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Sunday, April 15, 2012

Greek and Hebrew

Over the years people have asked me if you need to know Greek and Hebrew to get the most out of the Bible.  No.  It can help in some cases but more on that later…  Robert Traina, author of the seminal work, Methodical Bible Study – by the way if you have a book on Bible study and Traina’s book is not in the index or bibliography or referenced in some other way in the work, find another book.  Back to Traina, in about 1983 or so, a group of us spent a week at Asbury Seminary where Traina took us through the key parts of his method.  We were to read MBS before we got there.  It was a life changing event for me.
Knowing Greek and Hebrew is not essential to get great observations in Bible study.
During the week Traina focused on helping us to make better observations on the text in Bible.  There was none in the room with access to the original languages.  I remember that someone asked Dr. Traina if we needed Greek or Hebrew to make good observations.  He answered in the negative further stating that the English translations are good enough that whatever observations we can make with them would serve us well in study.  He further suggested the need to compare translations.  Significant differences in the handling of a text, he suggested, would highlight places in the Bible where the originals were hard to translate and signal to those of us who did not have access to the original languages a place to examine more thoroughly.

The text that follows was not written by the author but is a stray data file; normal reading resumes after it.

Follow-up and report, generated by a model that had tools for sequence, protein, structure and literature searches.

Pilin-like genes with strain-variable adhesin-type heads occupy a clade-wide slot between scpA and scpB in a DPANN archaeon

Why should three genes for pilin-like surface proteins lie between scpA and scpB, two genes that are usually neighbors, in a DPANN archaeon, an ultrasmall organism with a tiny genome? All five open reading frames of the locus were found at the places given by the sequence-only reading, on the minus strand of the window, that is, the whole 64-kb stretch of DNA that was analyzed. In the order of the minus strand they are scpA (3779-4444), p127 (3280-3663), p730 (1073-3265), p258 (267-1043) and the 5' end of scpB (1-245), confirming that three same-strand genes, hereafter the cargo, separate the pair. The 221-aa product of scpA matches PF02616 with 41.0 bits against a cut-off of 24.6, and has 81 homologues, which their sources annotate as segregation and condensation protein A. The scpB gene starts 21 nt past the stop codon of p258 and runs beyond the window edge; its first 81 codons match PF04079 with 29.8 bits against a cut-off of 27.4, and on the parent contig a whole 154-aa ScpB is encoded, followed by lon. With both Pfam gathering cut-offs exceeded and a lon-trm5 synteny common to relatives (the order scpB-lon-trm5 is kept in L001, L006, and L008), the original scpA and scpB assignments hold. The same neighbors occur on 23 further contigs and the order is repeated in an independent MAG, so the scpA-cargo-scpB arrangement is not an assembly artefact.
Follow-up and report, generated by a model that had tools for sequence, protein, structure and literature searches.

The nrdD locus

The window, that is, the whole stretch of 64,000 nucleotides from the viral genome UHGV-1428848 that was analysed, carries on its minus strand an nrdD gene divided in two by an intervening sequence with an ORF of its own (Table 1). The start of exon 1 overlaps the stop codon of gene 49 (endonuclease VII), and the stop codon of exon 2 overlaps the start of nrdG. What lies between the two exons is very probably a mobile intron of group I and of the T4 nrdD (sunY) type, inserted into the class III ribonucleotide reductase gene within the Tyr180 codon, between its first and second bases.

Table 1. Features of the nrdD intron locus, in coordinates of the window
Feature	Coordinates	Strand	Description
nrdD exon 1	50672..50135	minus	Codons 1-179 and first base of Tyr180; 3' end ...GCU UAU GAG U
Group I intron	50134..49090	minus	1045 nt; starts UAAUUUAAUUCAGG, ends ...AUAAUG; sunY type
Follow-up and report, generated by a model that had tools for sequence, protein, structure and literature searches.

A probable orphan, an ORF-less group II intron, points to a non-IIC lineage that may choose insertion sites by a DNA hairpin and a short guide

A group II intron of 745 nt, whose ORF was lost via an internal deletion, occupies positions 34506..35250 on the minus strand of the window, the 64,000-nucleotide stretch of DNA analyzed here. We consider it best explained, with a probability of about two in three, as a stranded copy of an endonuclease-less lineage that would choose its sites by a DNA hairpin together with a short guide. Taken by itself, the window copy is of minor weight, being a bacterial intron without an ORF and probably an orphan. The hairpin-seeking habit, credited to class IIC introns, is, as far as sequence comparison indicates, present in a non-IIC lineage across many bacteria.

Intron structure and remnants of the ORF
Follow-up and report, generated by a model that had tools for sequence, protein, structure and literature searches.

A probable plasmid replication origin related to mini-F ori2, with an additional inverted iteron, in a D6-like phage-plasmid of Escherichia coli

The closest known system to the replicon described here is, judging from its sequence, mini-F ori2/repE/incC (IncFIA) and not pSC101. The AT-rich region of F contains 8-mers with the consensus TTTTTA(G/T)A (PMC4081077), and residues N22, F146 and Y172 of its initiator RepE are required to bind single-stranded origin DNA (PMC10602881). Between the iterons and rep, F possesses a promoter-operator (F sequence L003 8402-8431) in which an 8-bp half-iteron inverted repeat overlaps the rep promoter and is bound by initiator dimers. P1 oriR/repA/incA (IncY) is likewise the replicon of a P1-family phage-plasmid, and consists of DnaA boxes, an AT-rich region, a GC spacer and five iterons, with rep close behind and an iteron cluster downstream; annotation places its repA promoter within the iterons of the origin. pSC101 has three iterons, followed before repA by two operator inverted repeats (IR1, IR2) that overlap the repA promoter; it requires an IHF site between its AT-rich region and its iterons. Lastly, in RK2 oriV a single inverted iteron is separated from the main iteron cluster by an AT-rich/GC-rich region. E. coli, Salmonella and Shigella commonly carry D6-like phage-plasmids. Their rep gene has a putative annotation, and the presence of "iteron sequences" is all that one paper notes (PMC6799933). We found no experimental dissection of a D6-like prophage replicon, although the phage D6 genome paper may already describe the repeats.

Since that week I have studied both Greek and Hebrew.  I have found that what Dr. Traina told us that weekend to be good advice.  Comparison of the translations is a great way to determine where to dig deeper.  There are some things knowing the language will help.  The great thing is that the tools for those of us who have not had the opportunity to study the languages have vastly improved.  In the next day or so I will share some ways to access these to assist your study.